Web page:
Hip pain, either from arthritis, injuries or other conditions, can keep you from functioning normally, robbing you of productivity and enjoying life. Sometimes, people with hip discomfort try several non-surgical treatments, but they fail to find relief. If you’re suffering from hip pain, it may be time to consider a hip replacement.
A hip replacement, known medically as an arthroplasty, is a surgery involving the removal of diseased hip joint parts and the replacement of artificial, new components which are called the prosthesis. There are several conditions that may warrant a hip replacement. Here are a few of these conditions, along with some considerations and warnings.
Before recommending a total hip replacement, your orthopedic doctor will try other treatments. One of the main ways doctors treat the problem is by having their patients use walking aids, such as walkers and canes.
We also show patients how to do specific exercises or prescribe physical therapy to relieve pain. Over-the-counter or prescription painkillers are usually part of a treatment plan. But if these methods fail to be effective, a hip replacement is often the best option.
There are several types of arthritis that can necessitate the need for a hip replacement.
- Osteoarthritis, the most common type, entails bone cartilage wearing away. This can cause pain, stiffness, reduced mobility and excruciating pain with bones rubbing against each other.
- Rheumatoid arthritis, which is an autoimmune disease, involves the inflammation of the synovial membrane. As a result excess synovial fluid is produced from the synovial membrane, damaging the articular cartilage, creating pain and stiffness in the hip. Articular cartilage is the white, smooth tissue covering the ends of bones where they meet to create joints.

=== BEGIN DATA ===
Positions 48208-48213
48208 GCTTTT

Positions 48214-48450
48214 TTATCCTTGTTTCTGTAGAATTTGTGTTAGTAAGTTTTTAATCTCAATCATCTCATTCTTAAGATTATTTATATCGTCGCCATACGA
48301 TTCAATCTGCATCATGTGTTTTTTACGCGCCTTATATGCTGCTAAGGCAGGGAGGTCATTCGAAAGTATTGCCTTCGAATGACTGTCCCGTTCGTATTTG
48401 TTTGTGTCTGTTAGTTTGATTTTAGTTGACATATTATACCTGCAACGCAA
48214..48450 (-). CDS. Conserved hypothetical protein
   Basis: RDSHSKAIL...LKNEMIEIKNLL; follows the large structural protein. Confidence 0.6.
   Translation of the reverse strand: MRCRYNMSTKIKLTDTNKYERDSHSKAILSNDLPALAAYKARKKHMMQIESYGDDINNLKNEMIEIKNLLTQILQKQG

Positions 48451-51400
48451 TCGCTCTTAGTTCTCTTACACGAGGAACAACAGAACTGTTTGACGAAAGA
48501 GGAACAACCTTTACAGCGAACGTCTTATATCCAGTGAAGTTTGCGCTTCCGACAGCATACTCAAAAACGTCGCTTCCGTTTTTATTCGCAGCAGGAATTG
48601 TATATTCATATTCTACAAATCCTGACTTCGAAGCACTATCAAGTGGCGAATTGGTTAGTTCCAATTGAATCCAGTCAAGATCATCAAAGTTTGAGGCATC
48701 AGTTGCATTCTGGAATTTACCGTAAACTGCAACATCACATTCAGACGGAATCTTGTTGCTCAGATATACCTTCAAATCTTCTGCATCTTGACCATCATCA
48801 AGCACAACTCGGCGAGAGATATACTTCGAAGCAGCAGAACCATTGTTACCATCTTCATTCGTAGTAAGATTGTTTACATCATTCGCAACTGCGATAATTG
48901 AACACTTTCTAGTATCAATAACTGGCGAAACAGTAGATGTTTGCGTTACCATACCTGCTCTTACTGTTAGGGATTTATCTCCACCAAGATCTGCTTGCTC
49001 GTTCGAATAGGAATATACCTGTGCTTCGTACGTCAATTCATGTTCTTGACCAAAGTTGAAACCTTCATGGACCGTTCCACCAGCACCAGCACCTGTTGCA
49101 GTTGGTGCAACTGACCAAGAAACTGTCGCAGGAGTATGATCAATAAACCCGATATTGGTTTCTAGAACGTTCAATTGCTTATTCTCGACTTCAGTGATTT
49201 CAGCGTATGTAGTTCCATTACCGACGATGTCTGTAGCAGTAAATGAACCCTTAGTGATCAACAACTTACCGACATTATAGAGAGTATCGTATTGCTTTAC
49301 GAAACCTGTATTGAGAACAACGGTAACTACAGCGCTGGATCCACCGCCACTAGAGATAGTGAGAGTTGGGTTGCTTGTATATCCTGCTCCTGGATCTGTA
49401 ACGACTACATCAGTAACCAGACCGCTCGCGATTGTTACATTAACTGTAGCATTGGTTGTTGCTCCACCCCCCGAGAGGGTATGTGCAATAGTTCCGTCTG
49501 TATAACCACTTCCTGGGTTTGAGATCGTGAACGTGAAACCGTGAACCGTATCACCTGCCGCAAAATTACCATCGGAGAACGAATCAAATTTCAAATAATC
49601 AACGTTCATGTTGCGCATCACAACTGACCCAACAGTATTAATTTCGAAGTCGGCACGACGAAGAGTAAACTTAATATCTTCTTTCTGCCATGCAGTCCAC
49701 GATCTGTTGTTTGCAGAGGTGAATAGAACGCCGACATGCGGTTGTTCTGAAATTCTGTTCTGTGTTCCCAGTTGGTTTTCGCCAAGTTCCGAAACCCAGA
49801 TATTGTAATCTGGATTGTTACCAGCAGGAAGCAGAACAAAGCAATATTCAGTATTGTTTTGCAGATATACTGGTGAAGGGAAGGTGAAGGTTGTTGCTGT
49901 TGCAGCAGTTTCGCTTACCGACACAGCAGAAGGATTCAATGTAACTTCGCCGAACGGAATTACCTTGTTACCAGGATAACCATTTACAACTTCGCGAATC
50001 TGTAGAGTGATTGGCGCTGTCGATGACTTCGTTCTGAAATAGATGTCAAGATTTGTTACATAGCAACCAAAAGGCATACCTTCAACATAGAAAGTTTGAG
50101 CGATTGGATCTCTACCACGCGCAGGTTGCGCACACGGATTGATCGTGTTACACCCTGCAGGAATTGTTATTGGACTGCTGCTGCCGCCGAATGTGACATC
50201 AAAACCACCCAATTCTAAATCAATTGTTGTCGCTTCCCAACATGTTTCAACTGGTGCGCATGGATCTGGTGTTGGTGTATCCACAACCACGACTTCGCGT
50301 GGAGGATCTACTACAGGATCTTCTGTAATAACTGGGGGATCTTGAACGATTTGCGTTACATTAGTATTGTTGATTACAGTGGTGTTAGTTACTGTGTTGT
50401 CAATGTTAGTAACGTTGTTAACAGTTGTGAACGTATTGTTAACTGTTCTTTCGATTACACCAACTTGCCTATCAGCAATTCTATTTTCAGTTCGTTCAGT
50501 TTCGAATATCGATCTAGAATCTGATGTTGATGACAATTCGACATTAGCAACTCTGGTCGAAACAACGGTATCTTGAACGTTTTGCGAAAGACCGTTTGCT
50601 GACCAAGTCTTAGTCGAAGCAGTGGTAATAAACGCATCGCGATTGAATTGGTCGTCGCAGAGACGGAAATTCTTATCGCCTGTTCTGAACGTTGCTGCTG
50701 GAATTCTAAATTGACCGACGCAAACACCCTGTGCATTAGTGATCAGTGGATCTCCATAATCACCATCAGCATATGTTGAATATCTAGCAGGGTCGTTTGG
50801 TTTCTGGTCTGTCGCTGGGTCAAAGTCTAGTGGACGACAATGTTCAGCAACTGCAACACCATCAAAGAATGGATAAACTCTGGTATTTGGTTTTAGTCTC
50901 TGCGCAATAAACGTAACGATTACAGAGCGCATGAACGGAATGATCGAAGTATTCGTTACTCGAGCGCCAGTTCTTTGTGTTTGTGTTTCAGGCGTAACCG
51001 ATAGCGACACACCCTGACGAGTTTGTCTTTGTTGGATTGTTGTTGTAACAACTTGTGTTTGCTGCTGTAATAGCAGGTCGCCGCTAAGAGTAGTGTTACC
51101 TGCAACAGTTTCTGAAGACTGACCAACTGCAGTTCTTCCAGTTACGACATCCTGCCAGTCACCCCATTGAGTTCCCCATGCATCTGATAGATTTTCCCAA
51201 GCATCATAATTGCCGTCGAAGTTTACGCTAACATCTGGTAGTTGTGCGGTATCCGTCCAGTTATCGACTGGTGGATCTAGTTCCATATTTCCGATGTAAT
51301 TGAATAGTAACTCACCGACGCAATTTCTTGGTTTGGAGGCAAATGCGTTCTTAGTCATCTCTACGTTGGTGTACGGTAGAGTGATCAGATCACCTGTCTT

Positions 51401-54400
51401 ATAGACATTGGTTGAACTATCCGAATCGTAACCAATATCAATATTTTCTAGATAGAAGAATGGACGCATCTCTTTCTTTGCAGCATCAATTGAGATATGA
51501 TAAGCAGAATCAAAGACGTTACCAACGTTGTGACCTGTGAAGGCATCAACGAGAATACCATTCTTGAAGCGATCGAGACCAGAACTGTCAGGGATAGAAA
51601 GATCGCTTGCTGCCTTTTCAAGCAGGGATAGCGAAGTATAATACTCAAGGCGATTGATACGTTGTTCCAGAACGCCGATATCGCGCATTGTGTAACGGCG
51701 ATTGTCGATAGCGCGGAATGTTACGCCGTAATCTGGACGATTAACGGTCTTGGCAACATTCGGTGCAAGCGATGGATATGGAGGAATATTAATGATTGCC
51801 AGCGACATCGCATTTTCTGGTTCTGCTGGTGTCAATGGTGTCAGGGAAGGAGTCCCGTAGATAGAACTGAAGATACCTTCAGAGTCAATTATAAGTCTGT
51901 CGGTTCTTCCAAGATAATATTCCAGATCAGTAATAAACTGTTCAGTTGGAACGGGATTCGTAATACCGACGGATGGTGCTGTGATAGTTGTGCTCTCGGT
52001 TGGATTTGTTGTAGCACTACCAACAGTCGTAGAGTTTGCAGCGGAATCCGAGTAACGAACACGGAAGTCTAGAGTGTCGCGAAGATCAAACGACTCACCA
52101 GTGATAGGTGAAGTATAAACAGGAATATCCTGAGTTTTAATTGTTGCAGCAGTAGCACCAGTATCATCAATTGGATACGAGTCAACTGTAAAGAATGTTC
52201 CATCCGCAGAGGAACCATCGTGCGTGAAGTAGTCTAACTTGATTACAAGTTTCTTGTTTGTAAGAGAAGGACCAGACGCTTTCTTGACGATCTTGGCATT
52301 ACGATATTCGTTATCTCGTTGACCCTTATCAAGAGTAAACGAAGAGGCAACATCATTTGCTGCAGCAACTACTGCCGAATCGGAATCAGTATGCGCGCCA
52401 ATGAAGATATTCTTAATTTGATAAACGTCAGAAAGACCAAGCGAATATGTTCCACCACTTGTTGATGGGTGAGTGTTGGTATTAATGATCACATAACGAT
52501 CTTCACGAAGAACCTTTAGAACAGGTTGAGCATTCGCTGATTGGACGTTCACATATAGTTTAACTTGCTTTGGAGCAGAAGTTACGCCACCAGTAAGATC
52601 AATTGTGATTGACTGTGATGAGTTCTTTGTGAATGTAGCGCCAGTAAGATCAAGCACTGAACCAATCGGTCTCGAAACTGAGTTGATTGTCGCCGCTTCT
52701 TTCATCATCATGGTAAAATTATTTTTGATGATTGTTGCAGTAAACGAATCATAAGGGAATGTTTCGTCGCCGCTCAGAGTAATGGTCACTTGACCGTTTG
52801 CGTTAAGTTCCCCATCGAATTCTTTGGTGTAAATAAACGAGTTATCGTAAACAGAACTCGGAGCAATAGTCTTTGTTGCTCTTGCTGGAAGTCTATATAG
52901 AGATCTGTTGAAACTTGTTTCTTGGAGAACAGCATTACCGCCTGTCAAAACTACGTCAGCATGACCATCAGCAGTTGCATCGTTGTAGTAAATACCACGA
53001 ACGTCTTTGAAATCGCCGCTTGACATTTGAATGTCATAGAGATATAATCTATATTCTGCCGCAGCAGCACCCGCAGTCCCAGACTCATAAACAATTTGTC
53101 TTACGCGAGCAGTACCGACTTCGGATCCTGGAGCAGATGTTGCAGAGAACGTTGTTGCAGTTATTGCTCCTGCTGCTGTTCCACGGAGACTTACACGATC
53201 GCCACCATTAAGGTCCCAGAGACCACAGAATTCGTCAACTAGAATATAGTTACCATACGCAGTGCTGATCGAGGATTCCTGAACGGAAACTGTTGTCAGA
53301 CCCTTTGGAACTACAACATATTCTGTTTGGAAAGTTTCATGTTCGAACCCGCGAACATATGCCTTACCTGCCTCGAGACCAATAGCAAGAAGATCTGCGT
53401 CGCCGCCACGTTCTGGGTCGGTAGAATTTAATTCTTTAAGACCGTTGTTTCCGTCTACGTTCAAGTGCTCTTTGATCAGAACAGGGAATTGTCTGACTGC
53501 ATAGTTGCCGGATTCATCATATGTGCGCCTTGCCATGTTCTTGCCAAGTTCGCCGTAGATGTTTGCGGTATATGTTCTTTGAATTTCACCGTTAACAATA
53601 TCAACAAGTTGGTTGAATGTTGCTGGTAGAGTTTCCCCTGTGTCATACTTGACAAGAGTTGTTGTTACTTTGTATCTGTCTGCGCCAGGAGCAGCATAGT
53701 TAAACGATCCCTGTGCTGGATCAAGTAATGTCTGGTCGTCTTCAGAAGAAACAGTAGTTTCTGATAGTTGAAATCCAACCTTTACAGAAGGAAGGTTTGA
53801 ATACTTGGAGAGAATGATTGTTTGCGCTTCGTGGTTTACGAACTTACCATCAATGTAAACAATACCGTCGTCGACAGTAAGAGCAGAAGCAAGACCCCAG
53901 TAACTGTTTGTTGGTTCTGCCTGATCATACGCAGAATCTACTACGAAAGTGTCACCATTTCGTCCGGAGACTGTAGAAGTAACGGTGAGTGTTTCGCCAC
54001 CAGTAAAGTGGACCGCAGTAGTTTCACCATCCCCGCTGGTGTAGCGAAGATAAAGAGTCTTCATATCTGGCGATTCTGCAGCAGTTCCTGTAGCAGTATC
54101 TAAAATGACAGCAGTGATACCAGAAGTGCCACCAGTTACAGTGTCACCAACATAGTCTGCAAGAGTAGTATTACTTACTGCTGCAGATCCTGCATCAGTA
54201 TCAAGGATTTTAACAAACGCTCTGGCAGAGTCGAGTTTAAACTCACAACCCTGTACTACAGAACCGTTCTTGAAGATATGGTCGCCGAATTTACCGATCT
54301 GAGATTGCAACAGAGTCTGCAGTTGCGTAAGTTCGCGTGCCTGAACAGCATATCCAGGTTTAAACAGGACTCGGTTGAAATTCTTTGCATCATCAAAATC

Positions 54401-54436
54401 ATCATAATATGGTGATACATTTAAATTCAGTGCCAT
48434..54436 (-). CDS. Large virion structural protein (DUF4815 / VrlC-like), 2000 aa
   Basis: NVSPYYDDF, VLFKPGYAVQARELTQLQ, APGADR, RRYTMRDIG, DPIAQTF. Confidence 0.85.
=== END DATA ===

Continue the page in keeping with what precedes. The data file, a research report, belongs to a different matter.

- Traumatic arthritis can be due to severe a severe hip fracture or injury. Again, because of damage to the articular cartilage, hip stiffness and pain occur.
Other Hip Conditions
Several other hip conditions can contribute to needing a hip replacement, such as:
- Hip fractures
- Developmental hip dyspalasia that occurs in childhood
- Perthes disease—This condition can result in hip degeneration after several years and require a hip replacement procedure.
- Avascular necrosis—This is a problem involving the head of the femur dying because it doesn’t receive enough blood supply. Avascular necrosis can be the result of sickle cell disease, long-term use of steroids, diabetes, gout or Gaucher disease.
Pain and Stiffness
Hip pain and stiffness can be due to several factors. If the pain affects the buttock, upper thigh or hip exterior, the problem can be the result of issues with tendons, ligaments, muscles or other soft tissues surrounding the hip joint.
If you suffer from hip pain and stiffness, see an orthopedic doctor for a comprehensive evaluation to determine if you need a hip replacement. A typical physical assessment entails a doctor assessing the strength and mobility of your hip, as well as examining hip alignment. X-rays or MRIs are also done so that your orthopedic doctor can note any hip deformities or damage.
- Bone damage from osteonecrosis, which is a bone disease causing the bones of the hip joint to die, can be a reason for a hip replacement.
- Bone tumors are another type of bone damage which can mean you’ll need hip replacement surgery.
- People with severe osteoporosis fractures can benefit from having a hip replacement.
Common Symptoms Suggesting You May Need Surgery
It’s critical that you be aware of some of the common symptoms that could be red flags, hinting you may need surgery. If you have these symptoms, call your orthopedic surgeon for an examination to see if surgery is needed. These symptoms include:
- Pain preventing you to walk or bend your hip joint
- Hip pain when resting
- Hip stiffness that is so severe that you cannot lift your left
If you are suffering from hip pain, call the orthopedic professionals at Hampton Road Orthopaedics and Sports Medicine and schedule an appointment. We offer our patients the anterior approach to hip replacement. Besides involving less scarring, this technique also has fewer restrictions during the recovery process. Please contact us and learn more about our wide range of orthopedic services.